- Planting and transplanting peony. Peony may be purchased and planted any time during the growing season, however, if you want to divide and move peony, spring and fall are the best times. If you are moving peony in the fall, cut the leaf stems down to the ground before moving. Peony roots look like really big carrots. The trick to moving peony is to try and dig up as much root as possible. Once you have your peony roots dug, shake off as much soil as possible so you can see the root zone. This is important because you don’t want to plant the roots too deeply when you move them to their new home. Peony need to be planted just below the surface of the soil – only one to two inches below the garden level. Dig a hole large enough to accommodate the roots, making sure it is a shallow hole. If you need to, add soil to make sure the peony roots sit high. Place the roots so the ‘eyes’ or buds are facing upward. Cover with about one to two inches of soil. You can divide peony root clumps using a knife, making sure you have at least four to five ‘eyes’ (buds) in each clump. Remember, if you plant peony too deeply, they won’t bloom. Plant high. Water well after planting. Quick note: Peony may not bloom in the first spring after planting, as it can take a full growing season or two for them to settle in.
If you want long-blooming peony, make sure to water around the roots of the plant, not the blooms. Hand watering is the best. Using a long handled wand (spray wand) and place water around the peony roots. Blooms that receive water from an overhead sprinkler or irrigation system tend to breakdown faster, where the blooms fade and are gone within a week. Overhead watering can also promote powdery mildew on peony leaves.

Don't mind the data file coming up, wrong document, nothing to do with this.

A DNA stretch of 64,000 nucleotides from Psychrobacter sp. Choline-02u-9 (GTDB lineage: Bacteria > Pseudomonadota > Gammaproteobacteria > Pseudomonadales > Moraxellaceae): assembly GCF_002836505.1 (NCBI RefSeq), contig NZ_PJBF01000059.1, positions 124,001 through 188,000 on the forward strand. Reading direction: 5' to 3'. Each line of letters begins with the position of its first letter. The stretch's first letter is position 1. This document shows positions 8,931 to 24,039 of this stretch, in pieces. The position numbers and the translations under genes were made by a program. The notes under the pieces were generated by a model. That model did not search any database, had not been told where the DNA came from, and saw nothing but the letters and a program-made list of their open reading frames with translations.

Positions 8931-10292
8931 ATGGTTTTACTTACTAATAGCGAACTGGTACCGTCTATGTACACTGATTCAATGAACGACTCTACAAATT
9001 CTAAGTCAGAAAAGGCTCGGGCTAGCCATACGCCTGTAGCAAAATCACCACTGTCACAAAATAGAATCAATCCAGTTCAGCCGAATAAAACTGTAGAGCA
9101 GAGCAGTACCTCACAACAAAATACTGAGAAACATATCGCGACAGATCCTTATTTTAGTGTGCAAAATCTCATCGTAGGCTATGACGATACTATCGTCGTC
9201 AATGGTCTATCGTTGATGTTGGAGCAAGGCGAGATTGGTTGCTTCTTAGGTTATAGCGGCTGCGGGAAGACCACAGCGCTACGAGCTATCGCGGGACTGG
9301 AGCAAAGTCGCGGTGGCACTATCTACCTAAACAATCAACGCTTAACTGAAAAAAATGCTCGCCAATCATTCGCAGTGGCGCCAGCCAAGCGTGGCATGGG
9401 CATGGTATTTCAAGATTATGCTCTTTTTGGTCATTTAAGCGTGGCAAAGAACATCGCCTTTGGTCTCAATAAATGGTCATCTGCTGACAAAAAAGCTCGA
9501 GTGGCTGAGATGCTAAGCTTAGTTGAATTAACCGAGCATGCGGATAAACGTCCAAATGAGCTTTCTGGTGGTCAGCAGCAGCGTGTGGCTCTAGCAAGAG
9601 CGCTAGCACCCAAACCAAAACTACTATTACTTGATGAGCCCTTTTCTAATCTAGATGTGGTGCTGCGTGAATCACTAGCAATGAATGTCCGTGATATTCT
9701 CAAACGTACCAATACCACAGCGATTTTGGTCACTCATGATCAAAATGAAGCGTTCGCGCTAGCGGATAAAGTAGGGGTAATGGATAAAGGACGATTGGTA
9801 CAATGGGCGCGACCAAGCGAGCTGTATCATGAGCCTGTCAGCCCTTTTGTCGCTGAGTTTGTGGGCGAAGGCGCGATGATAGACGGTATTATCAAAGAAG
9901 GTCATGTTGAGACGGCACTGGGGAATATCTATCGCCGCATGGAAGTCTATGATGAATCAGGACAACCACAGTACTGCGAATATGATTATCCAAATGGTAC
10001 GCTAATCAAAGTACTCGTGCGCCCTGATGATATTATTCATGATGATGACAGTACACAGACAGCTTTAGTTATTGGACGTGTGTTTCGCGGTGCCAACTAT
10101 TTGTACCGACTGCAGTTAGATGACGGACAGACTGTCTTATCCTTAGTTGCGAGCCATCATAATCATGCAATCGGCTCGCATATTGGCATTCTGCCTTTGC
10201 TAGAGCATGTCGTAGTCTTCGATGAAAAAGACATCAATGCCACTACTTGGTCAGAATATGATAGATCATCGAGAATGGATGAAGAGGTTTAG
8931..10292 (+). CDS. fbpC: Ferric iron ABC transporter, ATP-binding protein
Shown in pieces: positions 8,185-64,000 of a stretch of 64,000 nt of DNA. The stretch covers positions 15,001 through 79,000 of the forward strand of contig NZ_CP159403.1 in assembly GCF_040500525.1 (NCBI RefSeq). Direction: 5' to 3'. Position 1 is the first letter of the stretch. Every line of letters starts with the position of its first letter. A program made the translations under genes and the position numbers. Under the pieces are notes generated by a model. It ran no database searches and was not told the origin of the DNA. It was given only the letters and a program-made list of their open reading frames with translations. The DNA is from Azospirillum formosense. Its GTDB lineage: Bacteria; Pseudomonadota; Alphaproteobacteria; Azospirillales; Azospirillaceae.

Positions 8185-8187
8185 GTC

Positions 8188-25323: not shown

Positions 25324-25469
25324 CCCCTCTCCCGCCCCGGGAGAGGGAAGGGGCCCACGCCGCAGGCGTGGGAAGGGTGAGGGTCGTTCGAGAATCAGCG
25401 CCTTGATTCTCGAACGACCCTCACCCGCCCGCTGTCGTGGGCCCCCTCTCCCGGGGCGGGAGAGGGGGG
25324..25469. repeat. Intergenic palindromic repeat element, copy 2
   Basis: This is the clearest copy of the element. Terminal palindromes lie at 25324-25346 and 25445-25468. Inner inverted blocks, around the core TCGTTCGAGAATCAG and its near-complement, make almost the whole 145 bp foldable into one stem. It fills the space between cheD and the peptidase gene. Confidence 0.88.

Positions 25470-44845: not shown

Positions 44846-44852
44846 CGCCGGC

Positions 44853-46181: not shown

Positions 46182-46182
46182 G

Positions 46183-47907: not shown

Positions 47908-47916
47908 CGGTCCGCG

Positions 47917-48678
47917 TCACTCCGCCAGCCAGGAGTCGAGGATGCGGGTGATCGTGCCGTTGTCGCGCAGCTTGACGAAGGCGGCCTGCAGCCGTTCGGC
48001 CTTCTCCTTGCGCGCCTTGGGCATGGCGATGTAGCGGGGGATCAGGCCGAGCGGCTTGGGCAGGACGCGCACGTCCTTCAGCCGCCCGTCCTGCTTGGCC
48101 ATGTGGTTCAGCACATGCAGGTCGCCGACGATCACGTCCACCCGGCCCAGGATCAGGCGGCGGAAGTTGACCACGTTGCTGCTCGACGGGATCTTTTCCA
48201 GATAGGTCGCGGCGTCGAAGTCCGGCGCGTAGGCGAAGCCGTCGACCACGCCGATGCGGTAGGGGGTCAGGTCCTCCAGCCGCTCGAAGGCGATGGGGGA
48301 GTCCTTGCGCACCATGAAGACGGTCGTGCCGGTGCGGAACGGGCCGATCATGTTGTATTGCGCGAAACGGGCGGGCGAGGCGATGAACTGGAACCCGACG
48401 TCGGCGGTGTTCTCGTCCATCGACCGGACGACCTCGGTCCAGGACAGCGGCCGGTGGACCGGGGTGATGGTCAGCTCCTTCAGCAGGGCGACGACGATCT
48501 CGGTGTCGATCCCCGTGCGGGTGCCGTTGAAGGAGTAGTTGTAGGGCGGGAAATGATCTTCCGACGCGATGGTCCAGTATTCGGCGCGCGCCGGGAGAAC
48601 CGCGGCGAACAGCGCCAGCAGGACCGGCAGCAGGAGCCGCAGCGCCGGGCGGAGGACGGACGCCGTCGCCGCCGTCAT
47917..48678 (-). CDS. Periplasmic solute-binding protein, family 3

FABLES about growing peony
- Peony and ants. For years I believed peonies wouldn’t bloom without ants. This, however, is a fable. What is true is that ants like the waxy coating of the peony buds and harvest the nectar from the peony blooms. In return, ants protect peony blooms from flower-feeding insects like Thrips. Peony and ants have a friendship of sorts. Ants do not harm peony or their blooms in anyway. You don’t have to remove the ants or even spray with insecticide. Just leave them alone. They’re working together.
- Placing peony. If you don’t like ants, make sure to plant your peony in a location away from the house.
- Cutting Blooms. If you want to cut and bring peony blooms into your home without ants, carefully shake the blooms by holding the stem close to the bloom so you don’t snap the head from the stem. The best time of the day to cut peony for indoor use is early morning.
- Peony are hard to grow. No way. Peony are easy to grow, low maintenance and tend to take care of themselves once they are established. With a bit of spring care, peony will grow happily in your gardens for years.
- Deer and rabbits like peony. Both deer and rabbits are not big fans of peony blooms. Peony tend to do well in gardens with wildlife. You may find young deer will take a nip from a peony bloom only to discover they really don’t taste great.
The light delicate petals of a peony
like crisp tissue paper balls
with ruffled edges of pink and white.
You can almost smell their sweet fragrance
as they swaying in the breeze.
Soft to the touch – lovely to behold.
Reminds me of sweet spring garden dreams.
The Gabby Gardener